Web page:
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IN THIS ISSUE:
September 2010

Personalized Medicine
Even before genomic advances are ready for clinical use, "low-tech" aspects of personalized medicine can enhance psychiatric treatment.

Treating Patients with Schizophrenia: The Importance of Adherence
Antipsychotics can't work if patients don't take them. Nonadherance is a major cause of relapse among patients with schizophrenia.

Valproic Acid and Congenital Malformation
Exposure to valproic acid in the first trimester of pregnancy increases the risk of many congenital malformations in newborns.

In Brief
Bone Mineral Density Is Lower in Depressed than Nondepressed People; Few Adolescents Who Die by Suicide Have Had Recent Exposure to SSRIs

IV Ketamine Infusion Decreases Suicidal Ideation
In a study of treatment-resistant inpatients with major depressive disorder, a single IV infusion of ketamine rapidly decreased suicidal ideation.

SSRIs May Increase the Risk of Cataracts
In a pharmacoepidemiologic study, the use of selective serotonin reuptake inhibitor (SSRI) antidepressants was associated with a greater risk of cataracts among elderly patients.

Valproic Acid and Congenital Malformation

September 2010

Initially introduced for the treatment of epilepsy, valproic acid (Depakote, Depakene, and others) has been used for decades in psychiatry to treat patients with bipolar disorder. It has long been known that valproic acid can increase the risk of spina bifida if taken in the first trimester of pregnancy. Recently, Jentink and others in Europe assessed the risk of other congenital malformations in the offspring of mothers exposed to this medication.1

The authors combined data from eight published cohort studies involving 1565 pregnancies in which mothers were exposed to valproic acid. They identified 14 malformations that occurred significantly more often in the babies of women who took valproic acid during the first trimester. Investigators then assessed the association between valproic acid use during the first trimester and these 14 malformations by performing a case-control study. The entire data set comprised almost 100,000 pregnancies in 14 European countries between 1995 and 2005.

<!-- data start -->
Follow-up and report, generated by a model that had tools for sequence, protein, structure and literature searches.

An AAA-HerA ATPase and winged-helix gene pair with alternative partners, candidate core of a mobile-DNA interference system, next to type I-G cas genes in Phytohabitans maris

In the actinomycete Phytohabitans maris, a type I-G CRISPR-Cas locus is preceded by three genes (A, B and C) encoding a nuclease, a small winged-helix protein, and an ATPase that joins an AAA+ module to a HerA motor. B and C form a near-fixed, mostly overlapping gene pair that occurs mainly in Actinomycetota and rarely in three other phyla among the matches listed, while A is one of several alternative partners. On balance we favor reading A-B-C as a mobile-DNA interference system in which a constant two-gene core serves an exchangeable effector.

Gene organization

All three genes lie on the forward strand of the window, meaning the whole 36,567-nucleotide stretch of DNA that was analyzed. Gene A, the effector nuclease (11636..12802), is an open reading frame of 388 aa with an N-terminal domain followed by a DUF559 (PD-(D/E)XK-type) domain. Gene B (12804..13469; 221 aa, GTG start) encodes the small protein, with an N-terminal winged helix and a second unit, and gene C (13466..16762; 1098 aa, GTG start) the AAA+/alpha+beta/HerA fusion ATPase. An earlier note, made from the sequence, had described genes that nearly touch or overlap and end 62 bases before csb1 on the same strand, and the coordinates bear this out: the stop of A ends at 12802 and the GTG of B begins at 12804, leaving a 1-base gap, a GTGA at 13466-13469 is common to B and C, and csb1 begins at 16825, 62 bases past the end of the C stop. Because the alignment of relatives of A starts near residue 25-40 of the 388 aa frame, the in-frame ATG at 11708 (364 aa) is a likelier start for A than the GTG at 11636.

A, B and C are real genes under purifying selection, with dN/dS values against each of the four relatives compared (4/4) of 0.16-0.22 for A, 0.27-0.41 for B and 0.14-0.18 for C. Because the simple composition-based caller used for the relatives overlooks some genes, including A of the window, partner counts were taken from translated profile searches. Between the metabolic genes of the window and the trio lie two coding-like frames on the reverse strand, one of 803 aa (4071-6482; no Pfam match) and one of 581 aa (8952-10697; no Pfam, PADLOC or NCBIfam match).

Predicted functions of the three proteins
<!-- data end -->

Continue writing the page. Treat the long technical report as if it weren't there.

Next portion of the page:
For five malformations—atrial septal defect, cleft palate, hypospadias, polydactyly, and craniosynostosis (in which one or more sutures on a baby's head closes earlier than usual and leads to an abnormally shaped head)—the risk was 2 to 7 times higher for fetuses exposed to valproic acid in the first trimester compared with controls not exposed. (Exposure to valproic acid did not increase the risk of craniosynostosis beyond that caused by other antiepileptic agents, but it did elevate the risk compared with no exposure to antiepileptic drugs.) The risk of spina bifida associated with valproic acid was 12 to 16 times greater than in control groups.

Dr Jentink's group notes that other studies have found that the risk of fetal malformations rises with higher doses of valproic acid. Their data set, however, did not include dose information.

If a woman taking valproic acid plans to become pregnant, it is best to stop this agent before she attempts to conceive to protect the fetus from malformation. However, about half of all pregnancies are unplanned, and if clinicians wait for notification and confirmation of pregnancy, the first trimester may have elapsed before the agent is discontinued. Thus, valproic acid should not be used in women of childbearing potential, unless there is compelling evidence of its benefit and of the woman's likely use of effective contraception. In addition, valproic acid may increase the risk of polycystic ovary syndrome in this population (BTP 2006;29:54).

1Jentink J, Loane MA, Dolk H, Barisic I, Garne E, Morris JK, de Jong-van den Berg LT, for the EUROCAT Antiepileptic Study Working Group: Valproic acid monotherapy in pregnancy and major congenital malformations. N Engl J Med 2010;362:2185–2193.